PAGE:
“I am not one of God’s Elect,” says one man. “It is no use for me to do anything at all in religion. It is waste of time for me to keep the Sabbath, attend the public worship of God, read my Bible, say my prayers. If I am to be saved, I shall be saved. If I am to be lost, I shall be lost. In the mean time I sit still and wait.” This is a sore disease of soul. But I fear it is a very common one!
“I am one of God’s Elect,” says another man. “I am sure to be saved and go to heaven at last, no matter how I may live and go on. Exhortations to holiness are legal. Recommendations to watch, and crucify self, are bondage. Though I fall, God sees no sin in me and loves me all the same. Though I often give way to temptation, God will not let me be altogether lost. Where is the use of doubts and fears and anxieties? I am confident I am one of the Elect, and as such I shall be found in glory.” This again, is a sore disease. But I fear it is not altogether uncommon.
Now what shall he said to men who talk in this way? They need to be told very plainly that they are wresting a truth of the Bible to their own destruction, and turning meat into poison. They need to be reminded that their notion of Election is a miserably unscriptural one. Election according to the Bible is a very different thing from what they suppose it to be. It is most intimately connected with other truths of equal importance with itself, and from these truths it ought never to be separated. Truths which God has joined together no man should ever dare to put asunder.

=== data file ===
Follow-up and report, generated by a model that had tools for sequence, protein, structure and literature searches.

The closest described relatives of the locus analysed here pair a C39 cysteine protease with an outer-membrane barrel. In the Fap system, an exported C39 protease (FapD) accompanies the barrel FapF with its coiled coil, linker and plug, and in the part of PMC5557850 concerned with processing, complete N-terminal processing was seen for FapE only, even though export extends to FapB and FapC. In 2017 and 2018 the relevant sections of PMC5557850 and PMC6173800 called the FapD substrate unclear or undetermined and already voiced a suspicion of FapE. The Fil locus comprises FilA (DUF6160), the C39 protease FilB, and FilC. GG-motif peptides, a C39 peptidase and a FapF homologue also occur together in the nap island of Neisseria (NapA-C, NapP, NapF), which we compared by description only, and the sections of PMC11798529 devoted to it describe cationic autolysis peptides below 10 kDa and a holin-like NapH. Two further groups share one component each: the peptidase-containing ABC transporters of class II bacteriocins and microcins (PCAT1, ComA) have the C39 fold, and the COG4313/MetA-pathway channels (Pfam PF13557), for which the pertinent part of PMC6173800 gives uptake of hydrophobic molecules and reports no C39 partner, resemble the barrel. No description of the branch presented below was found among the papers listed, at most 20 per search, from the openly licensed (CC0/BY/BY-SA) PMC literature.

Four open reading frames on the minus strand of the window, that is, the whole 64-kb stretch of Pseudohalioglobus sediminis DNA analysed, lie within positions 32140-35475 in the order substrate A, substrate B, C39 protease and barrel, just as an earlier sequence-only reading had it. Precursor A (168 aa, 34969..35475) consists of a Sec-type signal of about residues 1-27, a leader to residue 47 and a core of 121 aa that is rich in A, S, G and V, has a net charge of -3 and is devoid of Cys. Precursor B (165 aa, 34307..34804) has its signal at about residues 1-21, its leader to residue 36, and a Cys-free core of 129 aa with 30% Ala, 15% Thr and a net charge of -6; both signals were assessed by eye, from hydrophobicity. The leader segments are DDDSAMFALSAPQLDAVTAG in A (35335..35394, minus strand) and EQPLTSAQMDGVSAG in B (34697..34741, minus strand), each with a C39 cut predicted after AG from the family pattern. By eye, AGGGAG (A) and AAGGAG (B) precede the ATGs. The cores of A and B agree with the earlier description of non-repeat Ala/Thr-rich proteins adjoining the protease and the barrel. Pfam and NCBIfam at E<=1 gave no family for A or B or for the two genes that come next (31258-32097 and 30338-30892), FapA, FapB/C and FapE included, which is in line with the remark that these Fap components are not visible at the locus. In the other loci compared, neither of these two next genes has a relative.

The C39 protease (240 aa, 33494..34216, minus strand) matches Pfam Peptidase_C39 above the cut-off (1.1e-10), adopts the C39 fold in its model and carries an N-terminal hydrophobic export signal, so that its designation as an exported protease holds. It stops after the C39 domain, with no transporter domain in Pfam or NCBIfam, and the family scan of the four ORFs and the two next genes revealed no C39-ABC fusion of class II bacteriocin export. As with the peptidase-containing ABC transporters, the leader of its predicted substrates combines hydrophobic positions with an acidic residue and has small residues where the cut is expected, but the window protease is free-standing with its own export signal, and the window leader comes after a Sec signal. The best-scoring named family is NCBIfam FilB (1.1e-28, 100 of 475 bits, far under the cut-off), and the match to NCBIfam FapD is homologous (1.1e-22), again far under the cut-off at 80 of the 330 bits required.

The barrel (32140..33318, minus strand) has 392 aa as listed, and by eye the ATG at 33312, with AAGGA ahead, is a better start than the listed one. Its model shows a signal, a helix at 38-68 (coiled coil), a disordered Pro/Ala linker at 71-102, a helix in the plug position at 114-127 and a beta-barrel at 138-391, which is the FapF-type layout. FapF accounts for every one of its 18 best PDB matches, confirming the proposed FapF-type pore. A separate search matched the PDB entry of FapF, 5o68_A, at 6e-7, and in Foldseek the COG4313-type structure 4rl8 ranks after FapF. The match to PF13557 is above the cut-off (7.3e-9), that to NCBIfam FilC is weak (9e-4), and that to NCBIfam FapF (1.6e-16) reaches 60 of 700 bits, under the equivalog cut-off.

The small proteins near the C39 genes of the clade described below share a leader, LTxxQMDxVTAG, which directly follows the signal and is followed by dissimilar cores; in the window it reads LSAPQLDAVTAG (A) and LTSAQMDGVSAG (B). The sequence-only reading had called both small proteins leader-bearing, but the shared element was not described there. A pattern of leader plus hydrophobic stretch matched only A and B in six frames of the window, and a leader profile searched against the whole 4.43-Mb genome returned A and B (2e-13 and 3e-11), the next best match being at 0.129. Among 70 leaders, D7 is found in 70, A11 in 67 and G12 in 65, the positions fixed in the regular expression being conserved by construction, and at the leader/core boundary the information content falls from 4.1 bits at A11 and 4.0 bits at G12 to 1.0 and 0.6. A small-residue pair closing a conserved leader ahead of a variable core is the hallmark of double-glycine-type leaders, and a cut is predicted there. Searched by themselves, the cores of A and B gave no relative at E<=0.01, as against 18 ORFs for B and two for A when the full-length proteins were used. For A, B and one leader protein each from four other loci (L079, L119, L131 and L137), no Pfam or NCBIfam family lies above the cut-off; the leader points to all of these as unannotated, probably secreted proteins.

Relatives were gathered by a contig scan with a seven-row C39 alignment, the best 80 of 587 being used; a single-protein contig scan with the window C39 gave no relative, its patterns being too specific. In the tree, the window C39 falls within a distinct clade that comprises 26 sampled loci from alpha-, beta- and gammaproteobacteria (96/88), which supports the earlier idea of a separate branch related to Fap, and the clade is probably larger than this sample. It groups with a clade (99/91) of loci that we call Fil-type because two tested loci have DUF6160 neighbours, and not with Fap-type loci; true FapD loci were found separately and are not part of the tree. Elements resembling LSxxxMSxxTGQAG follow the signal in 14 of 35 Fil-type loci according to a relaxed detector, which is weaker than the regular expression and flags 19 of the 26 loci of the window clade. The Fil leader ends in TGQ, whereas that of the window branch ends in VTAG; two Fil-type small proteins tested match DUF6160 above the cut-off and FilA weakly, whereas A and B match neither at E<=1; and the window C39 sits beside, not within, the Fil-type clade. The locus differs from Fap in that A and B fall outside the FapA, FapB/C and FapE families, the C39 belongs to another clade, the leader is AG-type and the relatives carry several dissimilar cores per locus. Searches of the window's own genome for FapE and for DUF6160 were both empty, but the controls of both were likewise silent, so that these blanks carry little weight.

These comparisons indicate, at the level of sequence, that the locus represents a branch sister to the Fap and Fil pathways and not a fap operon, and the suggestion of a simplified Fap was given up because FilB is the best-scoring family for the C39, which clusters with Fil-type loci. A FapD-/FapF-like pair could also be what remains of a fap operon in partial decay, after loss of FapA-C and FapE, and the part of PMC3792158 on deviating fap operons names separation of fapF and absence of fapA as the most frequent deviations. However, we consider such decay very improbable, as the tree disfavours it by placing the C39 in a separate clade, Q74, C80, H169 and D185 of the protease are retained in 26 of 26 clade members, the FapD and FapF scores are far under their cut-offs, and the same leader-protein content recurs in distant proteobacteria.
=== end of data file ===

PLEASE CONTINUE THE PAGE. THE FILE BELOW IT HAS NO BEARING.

(a) For one thing, the doctrine of Election was never meant to destroy man’s responsibility for the state of his own soul. The Bible everywhere addresses men as free-agents, as beings accountable to God, and not as mere logs, and bricks, and stones. It is false to say that it is useless to tell men to cease to do evil, to learn to do well, to repent, to believe, to turn to God, to pray. Everywhere in Scripture it is a leading principle that man can lose his own soul, that if he is lost at last it will be his own fault, and his blood will be on his own head. The same inspired Bible which reveals this doctrine of Election is the Bible which contains the words, “Why will ye die, O house of Israel?” — “Ye will not come unto Me that ye might have life.” — “This is the condemnation, that light is come into tire world, and men loved darkness rather than light, because their deeds were evil.” (Ezek. xviii. 31; John v. 40; iii. 19.) The Bible never says that sinners miss heaven because they are not Elect, but because they “neglect the great salvation,” and because they will not repent and believe. The last judgment will abundantly prove that it is not the want of God’s Election, so much as laziness, the love of sin, unbelief, and unwillingness to come to Christ, which ruins the souls that are lost.